FTC Expands COPPA to Cover Apps, Exempts 'Platforms' Like App Store and Google Play
The U.S. Federal Trade Commission today updated the privacy rules related to the Children's Online Privacy Protection Act which was originally passed in 1998. The new rules reflect new types of platforms that children are using, like social media and mobile apps.
However, though apps themselves need to be sure to follow guidelines, app 'platforms' like Apple's App Store and Google Play, are explicitly exempted in the law. App stores are not required to verify that the apps they sell comply with the law; instead, it's up to individual developers to verify compliance.
Apple and Google Inc. protested the idea that they might be responsible for the collection of kids' data by apps they offer through their app stores. Apple made that point in five meetings with FTC officials in the fall. The FTC responded by explicitly exempting the Apple App Store and Google Play, the app store for mobile devices running Google's Android software, from having to make sure that the apps they provided complied with Coppa.
The FTC also exempted plug-ins like Facebook's "Like" button and Twitter's "Tweet" button that are used on thousands of websites around the world. Those companies only need to comply with Coppa if the company "knows or has reason to know" that the plug-in is being used on a website or app aimed at children.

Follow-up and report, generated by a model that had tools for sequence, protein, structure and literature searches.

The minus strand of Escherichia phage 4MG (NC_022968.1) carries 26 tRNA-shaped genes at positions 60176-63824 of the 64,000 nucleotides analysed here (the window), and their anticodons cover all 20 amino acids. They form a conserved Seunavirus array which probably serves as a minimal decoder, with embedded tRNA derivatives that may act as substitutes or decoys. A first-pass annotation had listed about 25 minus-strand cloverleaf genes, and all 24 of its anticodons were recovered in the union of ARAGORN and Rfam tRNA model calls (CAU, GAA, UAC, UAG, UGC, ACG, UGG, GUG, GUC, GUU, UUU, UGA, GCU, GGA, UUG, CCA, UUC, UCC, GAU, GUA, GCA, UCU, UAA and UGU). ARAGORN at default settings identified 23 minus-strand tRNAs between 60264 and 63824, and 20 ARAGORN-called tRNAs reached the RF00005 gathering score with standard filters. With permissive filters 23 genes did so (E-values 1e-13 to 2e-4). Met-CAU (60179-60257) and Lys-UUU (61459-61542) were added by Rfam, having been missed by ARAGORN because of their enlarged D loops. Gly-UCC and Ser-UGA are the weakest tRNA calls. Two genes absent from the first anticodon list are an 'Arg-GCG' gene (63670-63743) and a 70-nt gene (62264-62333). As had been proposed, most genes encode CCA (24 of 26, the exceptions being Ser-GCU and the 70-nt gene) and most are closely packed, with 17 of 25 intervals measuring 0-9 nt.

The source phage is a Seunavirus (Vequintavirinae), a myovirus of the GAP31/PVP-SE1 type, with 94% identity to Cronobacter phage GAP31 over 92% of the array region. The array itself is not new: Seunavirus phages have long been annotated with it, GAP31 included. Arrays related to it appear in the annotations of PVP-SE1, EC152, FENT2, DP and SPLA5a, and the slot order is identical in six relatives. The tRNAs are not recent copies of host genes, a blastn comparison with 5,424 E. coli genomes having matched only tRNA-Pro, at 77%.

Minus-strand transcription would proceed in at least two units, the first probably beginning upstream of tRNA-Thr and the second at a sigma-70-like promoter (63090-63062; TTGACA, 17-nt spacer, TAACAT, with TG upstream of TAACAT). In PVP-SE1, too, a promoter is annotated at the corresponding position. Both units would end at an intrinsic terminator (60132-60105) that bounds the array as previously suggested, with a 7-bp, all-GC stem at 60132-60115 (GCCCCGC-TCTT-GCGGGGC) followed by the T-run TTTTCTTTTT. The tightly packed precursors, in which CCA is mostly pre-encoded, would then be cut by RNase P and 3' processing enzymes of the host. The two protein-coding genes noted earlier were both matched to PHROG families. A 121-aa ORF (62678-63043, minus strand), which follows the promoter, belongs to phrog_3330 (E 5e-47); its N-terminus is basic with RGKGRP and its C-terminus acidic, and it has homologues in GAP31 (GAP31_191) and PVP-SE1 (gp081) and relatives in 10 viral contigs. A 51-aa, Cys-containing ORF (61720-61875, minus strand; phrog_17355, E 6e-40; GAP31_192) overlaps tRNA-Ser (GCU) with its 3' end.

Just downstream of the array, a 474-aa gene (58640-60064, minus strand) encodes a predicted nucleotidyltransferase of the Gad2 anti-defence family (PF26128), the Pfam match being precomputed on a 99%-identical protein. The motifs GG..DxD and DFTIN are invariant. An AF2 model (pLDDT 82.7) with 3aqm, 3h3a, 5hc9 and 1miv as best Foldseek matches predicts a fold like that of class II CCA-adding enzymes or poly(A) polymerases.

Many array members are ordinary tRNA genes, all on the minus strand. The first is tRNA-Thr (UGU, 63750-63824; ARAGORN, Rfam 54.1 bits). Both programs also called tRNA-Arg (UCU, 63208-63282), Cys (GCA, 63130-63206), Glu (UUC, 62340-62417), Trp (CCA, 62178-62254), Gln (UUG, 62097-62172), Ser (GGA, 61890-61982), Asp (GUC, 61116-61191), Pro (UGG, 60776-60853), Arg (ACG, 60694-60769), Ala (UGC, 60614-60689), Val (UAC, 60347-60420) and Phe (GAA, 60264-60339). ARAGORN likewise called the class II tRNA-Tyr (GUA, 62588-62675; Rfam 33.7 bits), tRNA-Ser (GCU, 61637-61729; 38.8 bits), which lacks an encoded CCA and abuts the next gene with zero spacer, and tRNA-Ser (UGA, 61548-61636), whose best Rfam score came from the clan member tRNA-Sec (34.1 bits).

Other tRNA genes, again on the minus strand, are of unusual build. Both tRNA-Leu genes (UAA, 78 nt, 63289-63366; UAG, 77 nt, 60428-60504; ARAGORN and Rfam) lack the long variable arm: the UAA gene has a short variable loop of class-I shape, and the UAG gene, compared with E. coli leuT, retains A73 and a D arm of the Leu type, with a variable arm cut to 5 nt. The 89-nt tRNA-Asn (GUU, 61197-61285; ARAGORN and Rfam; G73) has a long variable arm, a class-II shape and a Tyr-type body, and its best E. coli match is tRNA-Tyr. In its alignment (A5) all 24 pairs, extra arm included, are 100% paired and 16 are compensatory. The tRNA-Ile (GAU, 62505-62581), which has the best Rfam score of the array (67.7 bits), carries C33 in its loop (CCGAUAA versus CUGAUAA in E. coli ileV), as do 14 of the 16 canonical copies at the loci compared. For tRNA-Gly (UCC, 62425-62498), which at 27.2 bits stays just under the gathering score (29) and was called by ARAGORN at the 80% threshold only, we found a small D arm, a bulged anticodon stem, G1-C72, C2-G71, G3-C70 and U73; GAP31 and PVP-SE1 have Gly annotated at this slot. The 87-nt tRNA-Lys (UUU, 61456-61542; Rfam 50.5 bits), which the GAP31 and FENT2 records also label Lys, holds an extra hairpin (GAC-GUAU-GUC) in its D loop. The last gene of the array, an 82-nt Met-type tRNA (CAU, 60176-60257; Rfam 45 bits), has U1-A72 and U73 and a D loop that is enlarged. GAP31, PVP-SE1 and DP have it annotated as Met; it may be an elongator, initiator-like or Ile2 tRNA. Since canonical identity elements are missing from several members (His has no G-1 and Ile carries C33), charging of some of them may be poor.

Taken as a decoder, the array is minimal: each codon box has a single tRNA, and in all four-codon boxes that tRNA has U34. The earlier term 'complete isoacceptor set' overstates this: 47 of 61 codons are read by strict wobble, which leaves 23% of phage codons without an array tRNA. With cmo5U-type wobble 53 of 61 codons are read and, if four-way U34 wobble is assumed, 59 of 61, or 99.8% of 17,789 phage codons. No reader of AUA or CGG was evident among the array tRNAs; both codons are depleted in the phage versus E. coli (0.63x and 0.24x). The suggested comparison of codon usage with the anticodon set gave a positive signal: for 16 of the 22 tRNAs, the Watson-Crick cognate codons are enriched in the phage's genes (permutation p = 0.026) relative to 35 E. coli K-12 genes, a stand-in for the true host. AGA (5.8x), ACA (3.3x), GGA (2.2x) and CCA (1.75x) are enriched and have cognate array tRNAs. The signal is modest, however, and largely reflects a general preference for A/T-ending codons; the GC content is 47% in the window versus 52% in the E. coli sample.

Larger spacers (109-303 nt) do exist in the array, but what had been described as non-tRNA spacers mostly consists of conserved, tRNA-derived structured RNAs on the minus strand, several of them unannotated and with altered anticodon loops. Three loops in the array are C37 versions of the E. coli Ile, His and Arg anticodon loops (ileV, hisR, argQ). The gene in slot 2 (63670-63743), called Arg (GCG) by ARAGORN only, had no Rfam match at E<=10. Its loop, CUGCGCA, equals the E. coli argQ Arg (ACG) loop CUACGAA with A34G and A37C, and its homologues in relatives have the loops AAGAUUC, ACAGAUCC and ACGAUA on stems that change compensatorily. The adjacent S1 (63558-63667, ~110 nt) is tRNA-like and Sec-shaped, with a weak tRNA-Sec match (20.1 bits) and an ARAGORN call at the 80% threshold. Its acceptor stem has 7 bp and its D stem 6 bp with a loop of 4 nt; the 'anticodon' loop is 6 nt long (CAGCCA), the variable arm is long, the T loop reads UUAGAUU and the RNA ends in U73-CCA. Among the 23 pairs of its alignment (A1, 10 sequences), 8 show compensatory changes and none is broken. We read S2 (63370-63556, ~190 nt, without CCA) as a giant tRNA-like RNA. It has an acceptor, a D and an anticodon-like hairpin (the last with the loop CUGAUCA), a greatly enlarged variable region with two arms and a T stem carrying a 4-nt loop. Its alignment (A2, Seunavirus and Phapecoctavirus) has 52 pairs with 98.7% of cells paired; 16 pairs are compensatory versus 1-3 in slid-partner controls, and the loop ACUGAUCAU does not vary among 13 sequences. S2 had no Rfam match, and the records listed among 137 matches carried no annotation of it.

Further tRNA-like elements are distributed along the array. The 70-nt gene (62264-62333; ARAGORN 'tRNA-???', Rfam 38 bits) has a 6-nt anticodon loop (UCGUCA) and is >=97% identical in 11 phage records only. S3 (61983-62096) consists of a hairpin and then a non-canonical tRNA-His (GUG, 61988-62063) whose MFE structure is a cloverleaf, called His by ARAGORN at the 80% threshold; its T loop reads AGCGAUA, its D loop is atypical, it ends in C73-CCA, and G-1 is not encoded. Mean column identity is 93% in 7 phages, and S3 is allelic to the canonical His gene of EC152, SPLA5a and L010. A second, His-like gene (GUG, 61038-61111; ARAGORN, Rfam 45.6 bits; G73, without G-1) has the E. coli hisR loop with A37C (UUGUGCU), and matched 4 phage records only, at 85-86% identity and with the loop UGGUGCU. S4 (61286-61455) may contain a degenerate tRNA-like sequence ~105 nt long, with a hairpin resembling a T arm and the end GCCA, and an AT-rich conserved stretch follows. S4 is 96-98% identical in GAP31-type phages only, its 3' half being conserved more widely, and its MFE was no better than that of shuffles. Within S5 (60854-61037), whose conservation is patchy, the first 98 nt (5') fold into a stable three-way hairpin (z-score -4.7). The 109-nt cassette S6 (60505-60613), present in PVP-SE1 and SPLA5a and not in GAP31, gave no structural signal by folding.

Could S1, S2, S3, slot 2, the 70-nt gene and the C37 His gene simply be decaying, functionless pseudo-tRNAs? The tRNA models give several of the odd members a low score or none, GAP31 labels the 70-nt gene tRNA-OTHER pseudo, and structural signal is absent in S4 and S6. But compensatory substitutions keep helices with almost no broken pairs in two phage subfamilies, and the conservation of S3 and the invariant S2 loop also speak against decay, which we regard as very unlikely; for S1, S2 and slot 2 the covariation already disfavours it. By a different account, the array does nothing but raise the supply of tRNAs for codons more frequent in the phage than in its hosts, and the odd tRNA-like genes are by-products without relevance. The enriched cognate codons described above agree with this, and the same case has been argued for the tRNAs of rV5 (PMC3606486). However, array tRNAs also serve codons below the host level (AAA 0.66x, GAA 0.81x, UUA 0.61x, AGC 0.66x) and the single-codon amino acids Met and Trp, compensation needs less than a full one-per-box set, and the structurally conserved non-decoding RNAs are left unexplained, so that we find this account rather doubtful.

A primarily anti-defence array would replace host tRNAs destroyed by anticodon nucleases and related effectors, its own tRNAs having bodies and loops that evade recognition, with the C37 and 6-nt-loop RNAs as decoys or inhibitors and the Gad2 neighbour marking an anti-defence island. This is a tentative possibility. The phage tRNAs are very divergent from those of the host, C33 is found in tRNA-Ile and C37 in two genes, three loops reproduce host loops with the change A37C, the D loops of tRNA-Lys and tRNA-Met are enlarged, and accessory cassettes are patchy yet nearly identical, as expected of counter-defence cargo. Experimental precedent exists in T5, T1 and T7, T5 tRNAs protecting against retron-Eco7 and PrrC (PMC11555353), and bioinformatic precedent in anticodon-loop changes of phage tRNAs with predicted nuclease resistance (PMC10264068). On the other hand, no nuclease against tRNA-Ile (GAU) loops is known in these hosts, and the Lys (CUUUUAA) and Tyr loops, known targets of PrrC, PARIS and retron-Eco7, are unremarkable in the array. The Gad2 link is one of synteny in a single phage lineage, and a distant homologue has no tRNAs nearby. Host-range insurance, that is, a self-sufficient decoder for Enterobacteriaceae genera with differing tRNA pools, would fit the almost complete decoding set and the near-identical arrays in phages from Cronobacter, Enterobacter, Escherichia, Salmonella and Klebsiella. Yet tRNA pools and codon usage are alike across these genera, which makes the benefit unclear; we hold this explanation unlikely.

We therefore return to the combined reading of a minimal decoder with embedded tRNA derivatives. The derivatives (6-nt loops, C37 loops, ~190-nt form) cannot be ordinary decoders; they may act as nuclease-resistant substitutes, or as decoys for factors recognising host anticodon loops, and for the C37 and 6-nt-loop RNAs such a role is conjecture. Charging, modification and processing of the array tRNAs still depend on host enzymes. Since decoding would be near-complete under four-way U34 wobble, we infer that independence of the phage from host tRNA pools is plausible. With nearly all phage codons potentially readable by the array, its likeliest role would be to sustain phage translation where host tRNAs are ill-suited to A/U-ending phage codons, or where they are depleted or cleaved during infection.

Earlier this month, the FTC revealed that it was investigating kids apps over privacy concerns, with SpongeBob Diner Dash named as one app that was singled out for investigation.
Top Rated Comments
What is shameful is people like you blaming Apple/Google instead of PARENTS who are responsible for their children's actions.
Than again when should I expect from the current state of the national filled with "everyone is responsible but me" citizens.
I always trust the ingredients label on food items, since they are required by law to be correct. (Like how childrens apps now are required to not track you)
And yes, i do blame the grocery store if they offer something which has a faulty ingredient list, since they are the ones responsible for selling it. Thats how it works in Sweden at least; we contact the retailer first instead of going directly to the manufacturer.
It's a parent's job, if they are concerned about such things, to not use apps as a substitute for family time. Do you go to a chemist with a box of cereal to verify the sugar content? No. Do you exercise reasonable caution, and assume that the company producing the cereal made it with wheat instead of rat poison? Yes. If a company has an ingredient in that cereal that isn't listed on the box, do you go and blame the grocery store for offering it? No. That would be dumb.